How much torsion can the human body take? More than we thought, perhaps. These last two brutal years have tested the limits of our emotional and physical strength and flexibility. If you’re feeling stretched, and bent out of shape, and buffeted by fate — and who isn’t? — you might sympathize with the spindly characters who populate the canvases of “Body Language,” which is now on view in the first floor gallery of the Hamilton Square Condominiums (232 Pavonia Avenue). There, an artist going by the heady name of Occipital has mounted a show that feels simultaneously timeless and very much of the moment: an examination of the human form under stress, bending like a bough in a gale.
Occipital’s figures don’t have faces. Though they strongly suggest female identity, they don’t exactly possess gendered characteristics, either. They don’t even have context: the white ones are painted on solid black backgrounds, and the black ones are painted on bright white. (One canvas displays a black-outlined figure in white on a white background, but that’s about as far from her own formula as the artist goes). Occipital’s best images are studies of the expressive power of human posture — body position as a kind of poetry, stark and plain, pared-back, bluntly eloquent.
These postures suggest acquiescence to the reality of mighty forces. In a series of acrylic paintings on canvas titled “I Will Bend But I Will Not Break,” Occipital’s figures are stretched and twisted, their thin arms crossed like wheat-stalks in the wind, their torsos folded back at angles that would concern an orthopedist, their thin oval heads attached to shoulders by little wisps of neck. Slight variations in tone and texture in their black-and-white backgrounds suggest movement, and broad and visible brushstrokes connote troubled emotional weather. Yet no matter how contorted the bodies get, Occipital has managed to preserve these characters’ sense of poise. These are portraits of dignity amidst difficulty, and if you can’t identify with them at all, I reckon you missed 2020-2021.
It all may seem a little too familiar, though. Occipital’s figures have many antecedents in the battery of popular images — most notably Giacometti, whose sculpted walkers with blank faces and elongated, twiglike limbs speak so passionately about determination amidst the unbearable pressures of modern life. Giacometti drew inspiration from African and Oceanic art, and it’s likely that Occipital does, too. But her work may also remind you of vintage American fashion illustrations and clothing designers’ sketches: faceless female bodies in silhouette, arms and legs like rails, heads tilted, shoulders provocatively angled, their bearings at once alluring and vulnerable.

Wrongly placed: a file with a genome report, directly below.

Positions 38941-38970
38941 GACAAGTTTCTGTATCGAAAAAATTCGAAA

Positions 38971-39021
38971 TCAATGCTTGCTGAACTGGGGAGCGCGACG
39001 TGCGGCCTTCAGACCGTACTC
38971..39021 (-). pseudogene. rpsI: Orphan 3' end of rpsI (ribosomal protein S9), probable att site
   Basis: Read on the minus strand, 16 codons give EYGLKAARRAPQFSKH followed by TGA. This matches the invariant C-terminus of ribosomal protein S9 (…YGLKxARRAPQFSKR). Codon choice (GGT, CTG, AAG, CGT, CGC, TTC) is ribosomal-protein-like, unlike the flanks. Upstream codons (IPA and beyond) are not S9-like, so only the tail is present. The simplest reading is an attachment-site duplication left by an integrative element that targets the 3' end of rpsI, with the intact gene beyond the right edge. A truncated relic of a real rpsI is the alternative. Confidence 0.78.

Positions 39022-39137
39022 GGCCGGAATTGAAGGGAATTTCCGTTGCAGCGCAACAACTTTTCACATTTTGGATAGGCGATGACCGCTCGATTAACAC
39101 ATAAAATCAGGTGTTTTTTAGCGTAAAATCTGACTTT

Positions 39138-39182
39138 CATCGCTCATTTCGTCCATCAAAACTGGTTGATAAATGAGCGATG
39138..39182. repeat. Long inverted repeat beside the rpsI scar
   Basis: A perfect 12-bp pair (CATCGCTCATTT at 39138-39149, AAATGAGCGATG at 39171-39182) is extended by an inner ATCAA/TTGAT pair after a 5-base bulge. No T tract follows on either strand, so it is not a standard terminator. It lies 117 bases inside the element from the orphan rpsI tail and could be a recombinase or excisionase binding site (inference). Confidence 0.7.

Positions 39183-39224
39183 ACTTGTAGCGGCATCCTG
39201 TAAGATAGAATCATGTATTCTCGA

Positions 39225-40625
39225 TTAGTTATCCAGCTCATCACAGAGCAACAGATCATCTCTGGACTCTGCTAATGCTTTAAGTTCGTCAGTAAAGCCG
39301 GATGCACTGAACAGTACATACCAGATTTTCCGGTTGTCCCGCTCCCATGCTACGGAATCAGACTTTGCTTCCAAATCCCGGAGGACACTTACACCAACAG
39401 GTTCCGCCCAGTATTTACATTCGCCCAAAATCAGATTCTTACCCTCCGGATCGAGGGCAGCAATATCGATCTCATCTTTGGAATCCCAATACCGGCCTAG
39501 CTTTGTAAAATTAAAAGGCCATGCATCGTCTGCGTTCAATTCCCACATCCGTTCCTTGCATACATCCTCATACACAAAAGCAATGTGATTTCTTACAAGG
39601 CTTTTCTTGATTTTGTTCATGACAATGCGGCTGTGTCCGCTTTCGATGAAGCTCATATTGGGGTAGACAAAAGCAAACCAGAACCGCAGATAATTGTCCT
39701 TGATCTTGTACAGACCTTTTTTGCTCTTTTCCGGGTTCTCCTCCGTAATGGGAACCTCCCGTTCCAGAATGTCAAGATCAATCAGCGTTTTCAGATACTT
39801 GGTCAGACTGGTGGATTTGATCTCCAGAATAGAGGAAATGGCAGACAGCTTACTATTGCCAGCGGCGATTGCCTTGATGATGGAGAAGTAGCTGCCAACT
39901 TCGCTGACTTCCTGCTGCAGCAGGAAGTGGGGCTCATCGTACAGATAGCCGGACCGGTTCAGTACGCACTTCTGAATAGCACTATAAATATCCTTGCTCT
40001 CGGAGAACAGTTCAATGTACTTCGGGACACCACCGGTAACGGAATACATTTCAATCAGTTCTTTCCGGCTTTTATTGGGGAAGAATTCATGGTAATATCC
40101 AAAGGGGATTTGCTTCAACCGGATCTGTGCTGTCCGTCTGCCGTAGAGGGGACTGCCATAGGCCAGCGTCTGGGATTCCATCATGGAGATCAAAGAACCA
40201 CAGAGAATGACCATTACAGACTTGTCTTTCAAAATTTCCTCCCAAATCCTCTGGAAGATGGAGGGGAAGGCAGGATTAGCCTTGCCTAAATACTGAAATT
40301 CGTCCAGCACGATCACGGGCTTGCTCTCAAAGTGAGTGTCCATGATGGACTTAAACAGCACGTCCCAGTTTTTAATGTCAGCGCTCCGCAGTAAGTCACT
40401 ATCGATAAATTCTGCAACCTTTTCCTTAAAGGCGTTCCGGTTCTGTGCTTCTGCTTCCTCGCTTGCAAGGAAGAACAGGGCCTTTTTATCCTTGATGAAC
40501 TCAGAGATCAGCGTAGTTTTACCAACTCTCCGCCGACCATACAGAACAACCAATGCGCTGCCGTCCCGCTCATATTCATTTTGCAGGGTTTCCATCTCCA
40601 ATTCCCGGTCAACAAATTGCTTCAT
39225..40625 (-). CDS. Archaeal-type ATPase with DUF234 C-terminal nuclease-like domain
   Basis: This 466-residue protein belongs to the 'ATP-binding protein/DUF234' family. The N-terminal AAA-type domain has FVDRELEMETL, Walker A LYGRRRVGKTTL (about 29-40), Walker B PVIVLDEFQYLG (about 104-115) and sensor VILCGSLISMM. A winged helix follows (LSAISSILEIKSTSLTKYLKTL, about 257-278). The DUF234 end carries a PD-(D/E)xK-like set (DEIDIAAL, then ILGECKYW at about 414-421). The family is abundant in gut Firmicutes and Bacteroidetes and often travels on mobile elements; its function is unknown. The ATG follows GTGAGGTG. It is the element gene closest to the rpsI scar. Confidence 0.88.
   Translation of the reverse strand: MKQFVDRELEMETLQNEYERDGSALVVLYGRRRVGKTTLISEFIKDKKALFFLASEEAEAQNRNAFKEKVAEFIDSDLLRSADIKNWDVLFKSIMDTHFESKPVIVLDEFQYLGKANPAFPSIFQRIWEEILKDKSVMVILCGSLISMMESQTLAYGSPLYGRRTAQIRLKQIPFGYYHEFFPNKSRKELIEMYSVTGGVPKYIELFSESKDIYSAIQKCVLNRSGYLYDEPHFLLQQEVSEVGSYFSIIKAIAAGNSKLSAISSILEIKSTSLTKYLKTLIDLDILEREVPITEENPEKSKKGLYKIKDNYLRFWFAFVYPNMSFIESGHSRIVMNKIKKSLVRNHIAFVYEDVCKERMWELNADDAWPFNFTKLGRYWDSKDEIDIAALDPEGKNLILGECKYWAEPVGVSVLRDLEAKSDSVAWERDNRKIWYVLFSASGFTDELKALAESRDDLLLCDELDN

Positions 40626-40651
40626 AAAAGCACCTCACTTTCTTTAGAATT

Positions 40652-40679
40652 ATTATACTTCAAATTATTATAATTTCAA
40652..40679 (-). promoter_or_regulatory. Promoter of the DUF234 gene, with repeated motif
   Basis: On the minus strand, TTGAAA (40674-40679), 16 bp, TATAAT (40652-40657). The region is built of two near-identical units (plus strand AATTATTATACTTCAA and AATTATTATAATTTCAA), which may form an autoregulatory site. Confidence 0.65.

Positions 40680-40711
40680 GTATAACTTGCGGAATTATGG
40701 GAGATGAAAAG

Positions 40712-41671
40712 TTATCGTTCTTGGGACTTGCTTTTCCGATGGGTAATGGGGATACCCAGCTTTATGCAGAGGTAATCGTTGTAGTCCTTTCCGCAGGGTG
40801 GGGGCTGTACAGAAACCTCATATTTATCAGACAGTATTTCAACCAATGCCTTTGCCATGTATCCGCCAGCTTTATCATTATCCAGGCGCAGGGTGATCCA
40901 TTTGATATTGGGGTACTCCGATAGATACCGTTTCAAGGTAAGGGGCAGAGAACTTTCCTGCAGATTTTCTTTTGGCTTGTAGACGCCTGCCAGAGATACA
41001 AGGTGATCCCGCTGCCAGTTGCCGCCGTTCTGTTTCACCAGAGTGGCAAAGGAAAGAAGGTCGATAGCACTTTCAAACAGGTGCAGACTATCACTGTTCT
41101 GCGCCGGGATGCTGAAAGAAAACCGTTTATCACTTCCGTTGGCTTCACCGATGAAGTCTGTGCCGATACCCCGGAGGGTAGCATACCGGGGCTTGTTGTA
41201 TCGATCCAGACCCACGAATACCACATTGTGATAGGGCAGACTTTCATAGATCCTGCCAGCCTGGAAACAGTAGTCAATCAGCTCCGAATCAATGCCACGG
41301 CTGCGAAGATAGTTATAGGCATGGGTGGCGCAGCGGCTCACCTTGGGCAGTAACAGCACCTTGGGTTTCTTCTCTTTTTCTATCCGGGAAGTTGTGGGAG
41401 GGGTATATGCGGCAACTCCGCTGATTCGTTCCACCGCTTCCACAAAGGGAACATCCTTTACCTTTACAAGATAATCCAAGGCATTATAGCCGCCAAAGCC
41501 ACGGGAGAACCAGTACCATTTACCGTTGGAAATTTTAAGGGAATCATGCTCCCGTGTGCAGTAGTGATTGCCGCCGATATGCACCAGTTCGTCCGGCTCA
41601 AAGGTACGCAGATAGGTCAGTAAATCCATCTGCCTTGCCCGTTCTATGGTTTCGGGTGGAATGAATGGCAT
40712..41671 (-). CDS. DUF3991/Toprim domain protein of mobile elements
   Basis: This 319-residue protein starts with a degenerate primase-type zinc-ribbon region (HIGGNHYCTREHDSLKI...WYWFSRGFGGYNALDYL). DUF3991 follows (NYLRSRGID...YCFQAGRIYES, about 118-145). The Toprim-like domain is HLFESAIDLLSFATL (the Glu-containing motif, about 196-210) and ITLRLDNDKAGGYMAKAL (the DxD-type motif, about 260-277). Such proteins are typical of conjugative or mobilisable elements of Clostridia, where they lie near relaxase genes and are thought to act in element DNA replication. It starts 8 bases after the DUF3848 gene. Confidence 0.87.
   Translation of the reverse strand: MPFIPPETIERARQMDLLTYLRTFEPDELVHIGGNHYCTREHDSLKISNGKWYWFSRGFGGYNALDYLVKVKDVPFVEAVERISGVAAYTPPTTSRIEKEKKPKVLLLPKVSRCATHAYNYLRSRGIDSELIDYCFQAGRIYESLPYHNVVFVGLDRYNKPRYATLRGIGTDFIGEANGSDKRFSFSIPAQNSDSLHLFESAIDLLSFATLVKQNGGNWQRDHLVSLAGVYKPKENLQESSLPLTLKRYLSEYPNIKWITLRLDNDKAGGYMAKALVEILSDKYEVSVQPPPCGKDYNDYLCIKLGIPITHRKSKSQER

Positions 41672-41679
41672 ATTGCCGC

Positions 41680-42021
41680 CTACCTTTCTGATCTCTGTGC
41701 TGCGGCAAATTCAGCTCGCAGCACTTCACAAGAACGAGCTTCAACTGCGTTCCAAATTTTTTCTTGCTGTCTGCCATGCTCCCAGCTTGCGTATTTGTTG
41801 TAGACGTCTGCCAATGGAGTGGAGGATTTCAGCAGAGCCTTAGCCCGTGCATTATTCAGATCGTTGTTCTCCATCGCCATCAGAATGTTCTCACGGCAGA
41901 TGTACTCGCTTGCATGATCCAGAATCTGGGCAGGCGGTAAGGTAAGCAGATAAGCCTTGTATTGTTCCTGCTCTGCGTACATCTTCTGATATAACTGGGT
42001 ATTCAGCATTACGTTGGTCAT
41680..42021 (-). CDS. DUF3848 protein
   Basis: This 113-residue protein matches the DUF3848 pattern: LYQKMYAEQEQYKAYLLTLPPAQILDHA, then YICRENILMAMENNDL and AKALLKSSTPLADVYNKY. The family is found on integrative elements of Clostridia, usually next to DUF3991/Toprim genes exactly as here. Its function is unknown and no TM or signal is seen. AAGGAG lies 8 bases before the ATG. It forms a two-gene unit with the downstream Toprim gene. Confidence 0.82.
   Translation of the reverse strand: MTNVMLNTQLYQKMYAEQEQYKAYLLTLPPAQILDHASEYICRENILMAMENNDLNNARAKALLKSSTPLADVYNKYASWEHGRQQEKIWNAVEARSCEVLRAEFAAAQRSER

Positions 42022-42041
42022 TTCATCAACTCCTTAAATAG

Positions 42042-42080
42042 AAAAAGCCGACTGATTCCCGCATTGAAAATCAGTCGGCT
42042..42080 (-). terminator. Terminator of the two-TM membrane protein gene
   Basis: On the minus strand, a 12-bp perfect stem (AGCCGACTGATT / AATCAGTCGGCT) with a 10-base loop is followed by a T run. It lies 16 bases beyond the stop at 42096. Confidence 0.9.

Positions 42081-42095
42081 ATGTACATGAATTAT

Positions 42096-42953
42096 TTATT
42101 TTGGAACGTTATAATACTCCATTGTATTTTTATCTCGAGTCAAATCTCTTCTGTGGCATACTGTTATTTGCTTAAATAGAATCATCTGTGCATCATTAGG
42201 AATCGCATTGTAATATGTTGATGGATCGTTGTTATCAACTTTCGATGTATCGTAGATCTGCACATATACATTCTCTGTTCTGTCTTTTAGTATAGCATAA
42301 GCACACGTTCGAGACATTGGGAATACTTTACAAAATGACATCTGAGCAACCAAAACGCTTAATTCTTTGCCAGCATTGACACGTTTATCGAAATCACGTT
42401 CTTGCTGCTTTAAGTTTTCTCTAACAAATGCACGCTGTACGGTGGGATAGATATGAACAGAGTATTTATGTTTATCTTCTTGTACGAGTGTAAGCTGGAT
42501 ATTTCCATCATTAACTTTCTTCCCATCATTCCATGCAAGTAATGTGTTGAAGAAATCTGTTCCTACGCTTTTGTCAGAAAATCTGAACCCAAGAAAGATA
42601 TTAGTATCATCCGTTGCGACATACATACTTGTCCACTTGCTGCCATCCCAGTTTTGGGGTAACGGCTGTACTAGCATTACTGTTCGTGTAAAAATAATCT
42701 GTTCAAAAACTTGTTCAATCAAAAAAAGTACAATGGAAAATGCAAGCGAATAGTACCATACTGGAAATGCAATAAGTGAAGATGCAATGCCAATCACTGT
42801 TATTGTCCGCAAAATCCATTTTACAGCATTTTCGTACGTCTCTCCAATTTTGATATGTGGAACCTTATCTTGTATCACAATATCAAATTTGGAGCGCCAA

Occipital’s figures aren’t explicitly eroticized; they aren’t explicitly anything at all. Yet when two or more of her characters share a frame, the ambiguity is often multiplied — and this leads to the most intriguing work in the “Body Language” show. What, for instance, are the two figures, conjoined at the hand, doing in “Perspective 3672”? One stands, poised and receptive, while the other, with a shoulder pitched forward and a knee bent, leans in. It could be the prelude to a kiss, it could be an argument, it could be an act of teaching or a solicitation to dance. What’s unmissable is the sense of tenderness that radiates from the acrylic: the intimacy of two humans in a tight space, arranging their bodies in a manner that complements their partner.
This wordless conversation becomes a silent chorus on “Perspective 2448 (a-e)”, a five-panel painting that finds room for fifty of Occipital’s figures in various states of motion. Without showing any faces, the artist captures profound interpersonal ambivalence — people tugged in inviting directions by the magnetic fields generated by other bodies.
So successful is Occipital at communicating complicated feelings through proxemics alone that you might wonder why she bothers to include written words in some of her less successful paintings. Her “During Q” series, mostly done in gouache, write emotional states directly into the pictures: “thankful,” “confused,” “wild,” etcetera. Coming from a woman who understands the force of body language, these captions feel redundant. The crossed arms, antenna-thin legs, and angled heads of her characters have already had their say — and they’ve said plenty.
“Body Language” will be on view in the Hamilton Square Condominium lobby until December 27, 2021. Occipital will be present during Jersey City Art & Studio Tour dates and hours: Friday, Oct. 1 from 4-6 p.m., Saturday, Oct. 2 from 12-4 p.m., and Sunday, Oct. 3 from 12-4 p.m.